257 Articles

Book Review |
September 30, 2008

Nine Kinds of Naked

One can almost smell the patchouli wafting off the pages of Nine Kinds of Naked, a neopsychedelic satire from recently transplanted Austinite Tony Vigorito. Channeling the spirited humor of Douglas Adams’s The Hitchhiker’s Guide to the Galaxy series, Vigorito suspends the rules of time and space to create

Book Review |
September 30, 2008

The Whiskey Rebels

San Antonio resident David Liss dives headlong into the capital of post-Revolutionary America—Philadelphia circa 1792—and emerges with a pearl of a thriller in The Whiskey Rebels. It’s a two-headed narrative told by Ethan Saunders, an ex-spy who has become a drunkard after being cashiered for allegedly passing secrets

Web Exclusive |
August 31, 2008

Curtis Sittenfeld

The New York Times named the author’s first novel, Prep, one of 2005’s ten best books; its successor, The Man of My Dreams, was a national best-seller. Her newest, American Wife, draws inspiration from the life of Laura Bush, though the author asserts that Wisconsinite Alice Blackwell is not a

Book Review |
August 31, 2008

Bob Schieffer’s America

Longtime followers of Bob Schieffer, the chief Washington correspondent for CBS, will hear his silky rasp echo in their heads as they thumb through Bob Schieffer’s America, a compilation of 171 commentaries from his Sunday Face the Nation broadcasts. Always the plainspoken Texan, the veteran newsman weighs in,

Book Review |
August 31, 2008

The Heretic’s Daughter

In 1692 Martha Carrier was arrested, tried, and hanged in Salem, Massachusetts, for having committed “sundry acts of witchcraft.” Ten generations on, her Dallas-based descendant Kathleen Kent has produced The Heretic’s Daughter, a sure-footed first novel that draws from Martha’s tribulations to evoke the short-lived witch hysteria in

Author Interview |
August 31, 2008

Curtis Sittenfeld

The New York Times named the author’s first novel, Prep, one of 2005’s ten best books; its successor, The Man of My Dreams, was a national best-seller. Her newest, American Wife, draws inspiration from the life of Laura Bush, though the author asserts that Wisconsinite Alice Blackwell is not a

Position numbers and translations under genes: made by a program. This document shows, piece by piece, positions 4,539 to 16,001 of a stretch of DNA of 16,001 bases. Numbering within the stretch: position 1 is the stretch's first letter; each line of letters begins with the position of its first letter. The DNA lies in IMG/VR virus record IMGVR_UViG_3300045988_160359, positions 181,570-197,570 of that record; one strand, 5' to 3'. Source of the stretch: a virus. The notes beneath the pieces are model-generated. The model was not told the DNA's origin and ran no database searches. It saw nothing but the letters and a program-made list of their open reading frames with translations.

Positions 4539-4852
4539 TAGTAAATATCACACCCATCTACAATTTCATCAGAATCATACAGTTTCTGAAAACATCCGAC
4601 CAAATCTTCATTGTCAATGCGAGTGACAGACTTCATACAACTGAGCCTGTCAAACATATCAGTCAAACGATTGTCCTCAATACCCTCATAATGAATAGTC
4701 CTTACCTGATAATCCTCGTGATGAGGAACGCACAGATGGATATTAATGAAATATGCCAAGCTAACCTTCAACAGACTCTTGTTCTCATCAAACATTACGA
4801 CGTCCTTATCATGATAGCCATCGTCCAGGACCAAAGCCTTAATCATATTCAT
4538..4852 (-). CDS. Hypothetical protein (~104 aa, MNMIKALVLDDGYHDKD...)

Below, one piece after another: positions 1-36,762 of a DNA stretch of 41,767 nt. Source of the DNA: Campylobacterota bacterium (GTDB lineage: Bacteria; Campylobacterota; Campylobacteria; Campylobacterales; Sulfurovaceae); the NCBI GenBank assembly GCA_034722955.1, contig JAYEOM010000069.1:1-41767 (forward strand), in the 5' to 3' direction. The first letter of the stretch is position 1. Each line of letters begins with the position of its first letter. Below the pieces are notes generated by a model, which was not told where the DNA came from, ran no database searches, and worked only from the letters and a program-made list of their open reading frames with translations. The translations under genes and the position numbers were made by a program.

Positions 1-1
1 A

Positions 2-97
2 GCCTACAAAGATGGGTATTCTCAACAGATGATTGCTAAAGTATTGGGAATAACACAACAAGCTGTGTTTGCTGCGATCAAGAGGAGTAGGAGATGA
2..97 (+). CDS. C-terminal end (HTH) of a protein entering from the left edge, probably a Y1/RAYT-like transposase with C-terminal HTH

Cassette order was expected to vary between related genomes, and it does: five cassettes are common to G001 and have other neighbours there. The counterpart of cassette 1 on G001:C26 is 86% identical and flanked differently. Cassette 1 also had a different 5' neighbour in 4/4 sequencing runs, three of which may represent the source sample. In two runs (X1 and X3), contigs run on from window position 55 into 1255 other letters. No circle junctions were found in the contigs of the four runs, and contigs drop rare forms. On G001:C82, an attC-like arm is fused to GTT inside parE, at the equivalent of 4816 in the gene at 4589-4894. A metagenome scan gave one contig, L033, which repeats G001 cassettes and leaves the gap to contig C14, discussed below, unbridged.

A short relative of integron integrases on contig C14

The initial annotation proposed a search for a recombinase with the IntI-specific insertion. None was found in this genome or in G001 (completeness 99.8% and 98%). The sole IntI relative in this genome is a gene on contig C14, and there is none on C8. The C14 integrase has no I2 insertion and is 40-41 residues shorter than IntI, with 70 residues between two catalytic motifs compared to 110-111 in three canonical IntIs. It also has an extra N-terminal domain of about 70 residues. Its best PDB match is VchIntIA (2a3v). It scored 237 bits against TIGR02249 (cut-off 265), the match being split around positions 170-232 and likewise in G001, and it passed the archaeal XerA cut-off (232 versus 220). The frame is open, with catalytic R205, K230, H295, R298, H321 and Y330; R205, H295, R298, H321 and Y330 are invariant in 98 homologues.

Book Review |
July 31, 2008

Leather Maiden

Life is kicking Pulitzer-nominated journalist Cason Statler squarely in the pants at the outset of Joe R. Lansdale’s potent seriocomic thriller Leather Maiden. Fired by his editor at a Houston paper for personal reasons (“I was banging his wife. And his stepdaughter”), Statler retreats to his hometown of

Book Review |
July 31, 2008

Why I Came West

Over the course of two decades living in Montana’s remote Yaak Valley, Houston-bred Rick Bass has produced 21 books—largely about the wilderness that surrounds him—and acquired a reputation as a zealous, not to say rabid, environmental activist. Why I Came West is his attempt to redefine himself as

Author Interview |
July 31, 2008

Nick Flynn

The play Alice Invents a Little Game and Alice Always Wins represents a chance for the award-winning poet and memoirist (Another Bullshit Night in Suck City) to “work a muscle [he] hadn’t before.” He currently teaches creative writing at the University of Houston.Is Alice your first play?In my memoir

Web Exclusive |
July 31, 2008

Nick Flynn

The new play from the author of Another Bullshit Night in Suck City.

Book Review |
June 30, 2008

Books: A Memoir

More than forty years into his career as an antiquarian bookseller (not to mention his other job as a Pulitzer Prize-winning novelist), Larry McMurtry has paused to reflect on a life hawking secondhand tomes in Books: A Memoir. Given his accounts of the shops and bookmen who’ve succumbed

Author Interview |
June 30, 2008

Sichan Siv

It took the San Antonio resident thirty years to write the memoir Golden Bones—a reasonable time, perhaps, to assess a life that includes an escape from Cambodia’s killing fields and stints as both a New York City cabbie and a deputy assistant secretary of state under George H. W. Bush.

Web Exclusive |
June 30, 2008

Sichan Siv Interview

It took the San Antonio resident thirty years to write the memoir Golden Bones—a reasonable time, perhaps, to appraise a life that includes an escape from Cambodia’s killing fields and stints as both a New York City cabbie and an ambassador to the United Nations. Diplomatic to the core, Siv

Book Review |
June 30, 2008

Alive in Necropolis

The real-world town of Colma, California—home to about 1,600 residents and more than two million corpses in seventeen cemeteries (motto: “It’s great to be alive in Colma”)— provides an odd but effective setting for Alive in Necropolis, the quirky debut novel from Austin resident Doug Dorst. To the

Web Exclusive |
May 31, 2008

Interview with Sam Gosling

A decade of research by this University of Texas at Austin psychology prof has led to new ways of understanding the relationship between individuals and the spaces they inhabit, as he now reveals with Snoop: What Your Stuff Says About You.Snoop posits that our things open a window onto

Book Review |
May 31, 2008

How Perfect Is That